From left: Jonathan Stewart, Director, British Council Northern Ireland, Professor Tracy Ireland, University of Canberra and Professor Justin Magee, Research Director, Ulster University
Thursday 20 April 2023

A new book launched today (Thursday, 20 April) at Ulster University, exploring the role of art, creativity and culture in helping navigate provocative and divisive issues in our communities.

The new publication, Difficult Conversations, is the result of a partnership between the British Council, Ulster University and the University of Canberra, covering challenging themes including gender-based violence, colonialism, conflict and the destruction of culture.

The volume brings together visual artists, poets, performance artists and cultural researchers, with contributors including Professor Brandon Hamber, from the International Conflict Research Institute (INCORE) at Ulster University, Barkindji writer and poet Dr Paul Collis, Roberta Bacic, Chilean human rights advocate and researcher, and Canadian poet Kathleen McCracken. It also includes two paintings by Belfast artist Louise Wallace - ‘Midnight Feast’ and ‘Golden Delicious’ - based on the gardens of housing estates in west Belfast in the 1960s and 1970s.

The book is the result of a symposium that took place in March 2022 online and in Canberra, as part of the UK-Australia Season. It now launches as part of a series of arts events organised by both the British Council and Ulster University to mark the Belfast/Good Friday Agreement.

Speaking about Difficult Conversations was Jonathan Stewart, Director, British Council Northern Ireland. He said: “We’re delighted to be able to launch Difficult Conversations with Ulster University and the University of Canberra to mark the anniversary of the Belfast/Good Friday Agreement. The book captures a range of voices and perspectives, reflecting on the role of arts and culture in our communities. The essays address many difficult and divisive moments in recent history, but we hope they can inspire us to think differently about injustice and inequality in our societies.”

Cian Smyth, Ulster Presents Programme Manager, Ulster University said: “Difficult conversations is what we all need to have, as citizens about complex social topics that can cause division. This publication is an attempt by our artists and researcher to provoke such conversations around what can be difficult subjects for some, and it is a vital example of why artists are essential to our society to help us navigate some of these very human concerns.”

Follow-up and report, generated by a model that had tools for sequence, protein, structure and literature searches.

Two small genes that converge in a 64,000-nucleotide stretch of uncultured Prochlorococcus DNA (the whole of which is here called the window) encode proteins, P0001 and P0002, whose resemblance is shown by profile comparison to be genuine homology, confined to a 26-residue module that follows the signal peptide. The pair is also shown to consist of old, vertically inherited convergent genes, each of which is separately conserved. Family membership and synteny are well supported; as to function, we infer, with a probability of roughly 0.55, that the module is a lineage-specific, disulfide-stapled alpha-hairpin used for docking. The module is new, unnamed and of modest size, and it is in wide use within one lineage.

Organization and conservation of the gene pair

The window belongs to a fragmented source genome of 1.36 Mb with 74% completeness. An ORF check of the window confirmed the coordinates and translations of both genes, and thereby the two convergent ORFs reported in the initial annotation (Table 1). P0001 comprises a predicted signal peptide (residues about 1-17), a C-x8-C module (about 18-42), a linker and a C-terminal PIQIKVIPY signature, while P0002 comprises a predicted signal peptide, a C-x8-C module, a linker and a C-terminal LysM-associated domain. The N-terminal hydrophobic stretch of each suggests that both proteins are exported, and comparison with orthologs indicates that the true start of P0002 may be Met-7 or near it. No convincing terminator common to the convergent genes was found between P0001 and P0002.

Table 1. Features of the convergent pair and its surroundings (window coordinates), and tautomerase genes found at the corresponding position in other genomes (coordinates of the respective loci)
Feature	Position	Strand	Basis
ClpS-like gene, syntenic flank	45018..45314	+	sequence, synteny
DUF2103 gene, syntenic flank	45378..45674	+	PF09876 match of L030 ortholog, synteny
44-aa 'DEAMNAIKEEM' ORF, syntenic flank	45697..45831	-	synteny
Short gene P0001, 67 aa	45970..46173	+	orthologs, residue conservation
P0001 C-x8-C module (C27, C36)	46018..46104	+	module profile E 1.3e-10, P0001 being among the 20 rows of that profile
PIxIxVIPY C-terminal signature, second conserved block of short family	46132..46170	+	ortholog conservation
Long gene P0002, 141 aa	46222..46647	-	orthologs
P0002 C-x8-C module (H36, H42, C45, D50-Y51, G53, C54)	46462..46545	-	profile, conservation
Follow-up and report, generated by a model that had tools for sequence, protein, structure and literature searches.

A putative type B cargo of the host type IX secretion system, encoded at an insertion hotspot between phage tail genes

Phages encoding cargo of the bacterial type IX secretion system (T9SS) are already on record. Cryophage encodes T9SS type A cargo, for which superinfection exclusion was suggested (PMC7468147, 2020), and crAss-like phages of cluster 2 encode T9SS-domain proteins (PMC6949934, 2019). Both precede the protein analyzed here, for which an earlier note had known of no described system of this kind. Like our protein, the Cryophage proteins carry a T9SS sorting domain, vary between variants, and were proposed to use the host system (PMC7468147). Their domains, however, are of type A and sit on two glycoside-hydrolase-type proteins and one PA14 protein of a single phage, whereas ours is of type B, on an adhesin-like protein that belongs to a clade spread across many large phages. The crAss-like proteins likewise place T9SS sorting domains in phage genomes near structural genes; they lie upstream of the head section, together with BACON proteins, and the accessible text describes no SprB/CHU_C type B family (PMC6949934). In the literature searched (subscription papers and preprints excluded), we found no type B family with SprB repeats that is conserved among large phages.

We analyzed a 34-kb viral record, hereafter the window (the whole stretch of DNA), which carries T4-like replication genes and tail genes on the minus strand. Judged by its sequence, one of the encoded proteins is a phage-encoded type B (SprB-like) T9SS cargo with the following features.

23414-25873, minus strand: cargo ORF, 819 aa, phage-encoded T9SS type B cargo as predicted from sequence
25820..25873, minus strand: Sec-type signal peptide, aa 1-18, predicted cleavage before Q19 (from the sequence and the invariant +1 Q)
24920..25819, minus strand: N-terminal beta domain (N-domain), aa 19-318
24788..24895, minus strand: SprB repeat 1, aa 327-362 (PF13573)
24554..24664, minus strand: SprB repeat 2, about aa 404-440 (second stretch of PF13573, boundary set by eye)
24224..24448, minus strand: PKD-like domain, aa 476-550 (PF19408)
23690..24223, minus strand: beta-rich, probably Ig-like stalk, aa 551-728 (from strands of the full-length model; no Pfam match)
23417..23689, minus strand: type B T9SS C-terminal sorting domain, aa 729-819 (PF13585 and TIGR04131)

Difficult Conversations launched at Ulster University this afternoon, with an opening by Dr Colin Davidson, Chancellor, Ulster University, Kate Ewart-Biggs, Deputy Chief Executive, British Council, and Professor Tracy Ireland, University of Canberra. It also featured a poetry reading by Dr Kathleen McCracken and a panel discussion moderated by Professor Paul Seawright, Deputy Vice-Chancellor, Ulster University.

The full publication can now be viewed online:

To Find out more about the collaboration, visit the Difficult Conversations website which features a range talks and discussions with leading Northern Ireland and Australian artists and academics -

Difficult Conversations is part of a week-long international arts and culture programme by the British Council to mark the anniversary of the Good Friday Agreement. It continues the British Council’s work, building connection, understanding and trust between people in the UK and overseas through arts, education and English language teaching. To find out more about their work in Northern Ireland visit or follow on Twitter, Facebook or Instagram.

Notes to Editor

For media enquiries, please contact:

Claire McAuley, British Council: +44 (0)7542268752 E:

About the British Council

The British Council is the UK’s international organisation for cultural relations and educational opportunities. We support peace and prosperity by building connections, understanding and trust between people in the UK and countries worldwide. We do this through our work in arts and culture, education and the English language. We work with people in over 200 countries and territories and are on the ground in more than 100 countries. In 2021-22 we reached 650 million people.